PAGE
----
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Reasoning about Trace Vulnerabilities in Ethereum Smart Contracts for Developers
May 24 @ 18:30 - 21:00
Important! You must register on Eventbrite to attend our event.
Please note: this is a technical deep dive talk strictly for software engineers, software architects and computer science/software engineering students only.
TALK TITLE: Reasoning about Trace Vulnerabilities in Ethereum Smart Contracts
KEYWORDS: Ethereum, Smart Contracts, Program Analysis, Symbolic Execution
Smart contracts — stateful executable objects hosted on blockchains like Ethereum — carry billions of dollars worth of coins and cannot be updated once deployed.
In my talk, I will present a systematic characterisation of a new class of trace vulnerabilities, which result from analysing multiple invocations of a contract over its lifetime. We will discuss three example properties of such trace vulnerabilities: finding contracts that either lock funds indefinitely, leak them carelessly to arbitrary users, or can be killed by anyone. I will then describe the design and implementation of Maian, the first tool for precisely specifying and reasoning about trace properties, which employs inter-procedural symbolic analysis and concrete validator for exhibiting real exploits.
From nearly one million contracts in Ethereum blockchain, Maian flagged 34,200 (2,365 distinct) contracts as vulnerable, in 10 seconds per contract. On a subset of 3,759 contracts sampled for concrete validation and manual analysis, we reproduced real exploits at a true positive rate of 89%, yielding exploits for 3,686 contracts. Amongst others, Maian also found exploits for the infamous Parity bug that indirectly locked 200 million dollars worth in Ether.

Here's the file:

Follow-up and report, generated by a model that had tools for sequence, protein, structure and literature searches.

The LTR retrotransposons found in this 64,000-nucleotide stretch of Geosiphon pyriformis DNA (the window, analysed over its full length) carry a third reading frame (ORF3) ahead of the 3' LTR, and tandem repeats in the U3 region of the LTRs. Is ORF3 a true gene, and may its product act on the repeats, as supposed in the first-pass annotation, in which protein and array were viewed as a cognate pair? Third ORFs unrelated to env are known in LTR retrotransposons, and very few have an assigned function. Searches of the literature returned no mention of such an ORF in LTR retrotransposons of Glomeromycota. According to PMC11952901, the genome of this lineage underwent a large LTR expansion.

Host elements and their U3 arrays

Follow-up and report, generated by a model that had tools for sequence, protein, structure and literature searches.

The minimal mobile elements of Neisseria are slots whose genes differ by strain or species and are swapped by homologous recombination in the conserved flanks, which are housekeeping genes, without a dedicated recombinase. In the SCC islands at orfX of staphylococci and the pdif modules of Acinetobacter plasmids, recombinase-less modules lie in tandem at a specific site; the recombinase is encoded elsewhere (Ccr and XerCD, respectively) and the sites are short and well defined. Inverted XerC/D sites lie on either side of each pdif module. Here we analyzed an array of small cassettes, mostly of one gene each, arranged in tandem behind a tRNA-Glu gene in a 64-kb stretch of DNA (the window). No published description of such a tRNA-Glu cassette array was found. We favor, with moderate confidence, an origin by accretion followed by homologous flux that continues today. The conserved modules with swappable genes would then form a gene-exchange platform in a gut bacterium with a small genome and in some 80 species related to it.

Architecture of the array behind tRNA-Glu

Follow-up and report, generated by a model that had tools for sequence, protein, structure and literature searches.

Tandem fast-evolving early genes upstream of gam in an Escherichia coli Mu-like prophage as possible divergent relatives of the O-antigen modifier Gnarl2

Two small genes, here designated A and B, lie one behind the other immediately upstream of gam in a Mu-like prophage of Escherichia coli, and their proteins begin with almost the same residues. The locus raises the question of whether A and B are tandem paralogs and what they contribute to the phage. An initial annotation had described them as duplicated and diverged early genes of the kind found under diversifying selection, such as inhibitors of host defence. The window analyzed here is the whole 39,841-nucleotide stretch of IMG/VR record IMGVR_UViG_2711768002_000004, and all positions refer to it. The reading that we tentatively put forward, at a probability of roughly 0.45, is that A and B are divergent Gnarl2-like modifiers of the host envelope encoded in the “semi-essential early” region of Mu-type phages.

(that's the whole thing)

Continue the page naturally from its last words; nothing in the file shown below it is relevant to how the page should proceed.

This project is a joint work with Ivica Nikolić, Aashish Kolluri, Prateek Saxena, and Aquinas Hobor.
SPEAKER: Ilya Sergey
Dr Ilya Sergey does research in the area of programming languages, program analysis, and formal verification. In recent years, Ilya has mainly been concerned with developing scalable methods for building trustworthy concurrent and distributed software, but his earlier work was advancing the state of the art in static analysis for higher-order languages and programming language design. Prior to joining academia, Ilya has spent a part of his career in industry, working in JetBrains Inc., a world-leading company in creating integrated developement environments for software developers. He obtained his PhD in formal methods at KU Leuven (Belgium), and held a postdoctoral position at IMDEA Software Institute (Spain), before taking his current position as a Lecturer at University College London.
Room K6.29 (Anatomy Lecture Theatre), King’s College London, Strand, London, WC2R 2LS
24th of May, 2018
18:30 to 21:00